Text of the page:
Halfway through my hands-on time with Evolve, I could feel the disappointment of the 2K representative next to me. I was still getting the hang of the game, and my gigantic, flying Kraken had taken lots of damage from the four players trying to bring it down. Reading the rep's face, a comeback seemed like a long shot.
But then, something clicked. I started using the Kraken's powers more effectively, pinpointing my lightning blasts at exposed monster hunters, while keeping them on the defensive with a barrage of energy blasts from high in the air. I got better at dividing and conquering the hunters, and when one went down, he became bait as the other players tried to revive their fallen comrade. When the last monster hunter fell, I had only a sliver of health left, and my hands were shaking.
Evolve is strictly a multiplayer game, coming to PlayStation 4, Xbox One and PC this fall. Four players team up and control the hunters, each with their own special abilities, while a fifth player controls an oversized monster with a handful of super powers. Over the course of a match, the monster can feed on creatures and "evolve" into a more powerful form, so there's an element of hide-and-seek as the monster tries to become better equipped for fighting the hunters.
It was hard to believe my outcome wasn't scripted, or at least pushed toward a thrilling conclusion through unseen handicaps. But speaking to Chris Ashton, the game's design director, he assured me that Evolve's mechanics are pure, with no extra assistance for ailing players.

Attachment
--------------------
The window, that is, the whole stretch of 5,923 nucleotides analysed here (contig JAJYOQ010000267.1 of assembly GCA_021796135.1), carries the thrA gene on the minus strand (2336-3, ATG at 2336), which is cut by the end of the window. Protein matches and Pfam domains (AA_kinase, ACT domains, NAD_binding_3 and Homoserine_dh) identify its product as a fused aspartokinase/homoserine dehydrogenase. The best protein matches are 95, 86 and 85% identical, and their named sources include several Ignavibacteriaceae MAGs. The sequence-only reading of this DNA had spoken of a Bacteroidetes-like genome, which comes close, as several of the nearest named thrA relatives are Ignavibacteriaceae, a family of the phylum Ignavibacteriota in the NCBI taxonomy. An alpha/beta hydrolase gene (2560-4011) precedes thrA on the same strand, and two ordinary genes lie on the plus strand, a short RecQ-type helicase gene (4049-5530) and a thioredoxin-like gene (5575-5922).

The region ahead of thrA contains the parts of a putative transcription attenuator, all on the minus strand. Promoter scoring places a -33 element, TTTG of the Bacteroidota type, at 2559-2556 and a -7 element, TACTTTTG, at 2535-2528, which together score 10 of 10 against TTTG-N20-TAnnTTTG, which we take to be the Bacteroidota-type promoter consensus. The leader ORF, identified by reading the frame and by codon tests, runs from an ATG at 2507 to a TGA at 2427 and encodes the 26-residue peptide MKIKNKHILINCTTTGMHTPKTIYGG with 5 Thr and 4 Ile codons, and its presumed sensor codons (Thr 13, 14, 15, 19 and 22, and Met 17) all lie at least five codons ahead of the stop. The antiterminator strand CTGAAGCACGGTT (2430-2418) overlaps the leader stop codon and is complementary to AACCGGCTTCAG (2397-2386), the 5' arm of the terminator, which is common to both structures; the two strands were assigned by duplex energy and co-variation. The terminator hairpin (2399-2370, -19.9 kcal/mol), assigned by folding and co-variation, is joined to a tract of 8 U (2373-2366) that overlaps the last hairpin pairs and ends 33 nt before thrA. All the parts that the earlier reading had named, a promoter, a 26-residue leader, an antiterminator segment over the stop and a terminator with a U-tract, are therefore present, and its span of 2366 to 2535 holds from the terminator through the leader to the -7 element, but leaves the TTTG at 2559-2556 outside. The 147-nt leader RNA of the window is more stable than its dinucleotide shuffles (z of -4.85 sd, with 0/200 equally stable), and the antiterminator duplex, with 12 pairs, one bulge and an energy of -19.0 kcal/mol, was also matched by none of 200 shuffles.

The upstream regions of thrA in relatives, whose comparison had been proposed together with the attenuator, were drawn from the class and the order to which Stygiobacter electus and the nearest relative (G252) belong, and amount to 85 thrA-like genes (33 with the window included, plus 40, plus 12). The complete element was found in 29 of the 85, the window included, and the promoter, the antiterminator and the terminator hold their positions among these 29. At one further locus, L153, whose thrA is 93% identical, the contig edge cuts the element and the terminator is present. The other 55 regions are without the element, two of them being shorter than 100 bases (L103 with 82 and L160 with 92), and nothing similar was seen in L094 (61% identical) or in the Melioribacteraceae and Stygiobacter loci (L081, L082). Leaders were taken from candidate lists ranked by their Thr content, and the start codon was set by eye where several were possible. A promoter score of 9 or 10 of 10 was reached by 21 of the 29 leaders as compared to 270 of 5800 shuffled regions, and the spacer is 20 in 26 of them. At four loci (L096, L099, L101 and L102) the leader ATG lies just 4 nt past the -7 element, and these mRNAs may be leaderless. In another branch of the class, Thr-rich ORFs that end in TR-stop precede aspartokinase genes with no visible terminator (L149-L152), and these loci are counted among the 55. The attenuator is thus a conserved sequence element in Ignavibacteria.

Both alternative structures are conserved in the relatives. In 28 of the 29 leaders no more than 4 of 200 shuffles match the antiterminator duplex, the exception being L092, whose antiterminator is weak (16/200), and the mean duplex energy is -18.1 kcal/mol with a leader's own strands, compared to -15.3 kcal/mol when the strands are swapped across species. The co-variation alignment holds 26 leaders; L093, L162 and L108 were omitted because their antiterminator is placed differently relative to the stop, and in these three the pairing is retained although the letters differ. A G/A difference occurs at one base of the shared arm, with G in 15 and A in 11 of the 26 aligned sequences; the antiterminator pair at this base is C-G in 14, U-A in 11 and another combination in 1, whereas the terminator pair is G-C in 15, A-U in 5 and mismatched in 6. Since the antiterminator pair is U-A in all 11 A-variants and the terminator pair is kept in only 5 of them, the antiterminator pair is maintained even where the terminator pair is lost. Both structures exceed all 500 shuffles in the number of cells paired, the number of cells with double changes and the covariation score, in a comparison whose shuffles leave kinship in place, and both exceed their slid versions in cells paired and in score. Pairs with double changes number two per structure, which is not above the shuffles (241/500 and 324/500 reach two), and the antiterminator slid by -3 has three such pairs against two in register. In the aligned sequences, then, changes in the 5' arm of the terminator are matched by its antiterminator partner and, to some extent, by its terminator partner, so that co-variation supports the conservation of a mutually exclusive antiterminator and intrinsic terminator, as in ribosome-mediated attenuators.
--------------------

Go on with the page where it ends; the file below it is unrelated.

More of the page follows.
"In a racing game, sometimes they'll make the guy in the back go faster," Ashton said. "But when you're a seriously competitive game, you don't want to artificially give the losing team an advantage or Nerf the winning team at all."
There are, however, some subtle forces at work. The trapper, for instance, needs lots of time to recharge its containment field, so every few minutes, the monster has a chance to get away and get back to feeding. Meanwhile, the Kraken's flying ability takes longer to recharge when it's not in combat, so it's much easier for the hunters to eventually catch up. Ashton said this creates a roller coaster effect, similar to the Turtle Rock's use of safe rooms in its previous series, Left 4 Dead.
"We ratchet everything up, and then we ratchet everything back down so you have time to recover," he said.
Evolve's sense of balance comes from more than three years of prototyping and testing. The game was bare bones at first, with just a melee attack for the monster and assault rifles for the hunters. As the developers layered on new abilities--such as healing powers for the medic, a containment field for the trapper class, and a slew of special powers for the monsters--they constantly had to rebalance.
The entire studio would play the game for an hour every day, and their matches fed into a telemetry system to help the developers figure out which characters were too weak, or too strong. So by the time 2K started showing Evolve at public and industry events, Ashton expected plenty of close matches.
"We've played the game so much that there aren't really any surprises," he said.
Still, he thinks this will change when Evolve launches on October 21, and players start learning all the game's tricks. One of the advantages of the latest game consoles is that it's much easier to push out updates, so Turtle Rock plans to keep tuning the mechanics long after the game comes out.
"We know that once we release, if we sell millions of copies in the first day, there's going to be millions of man-hours played," Ashton said, "And that's more than we've put into the game."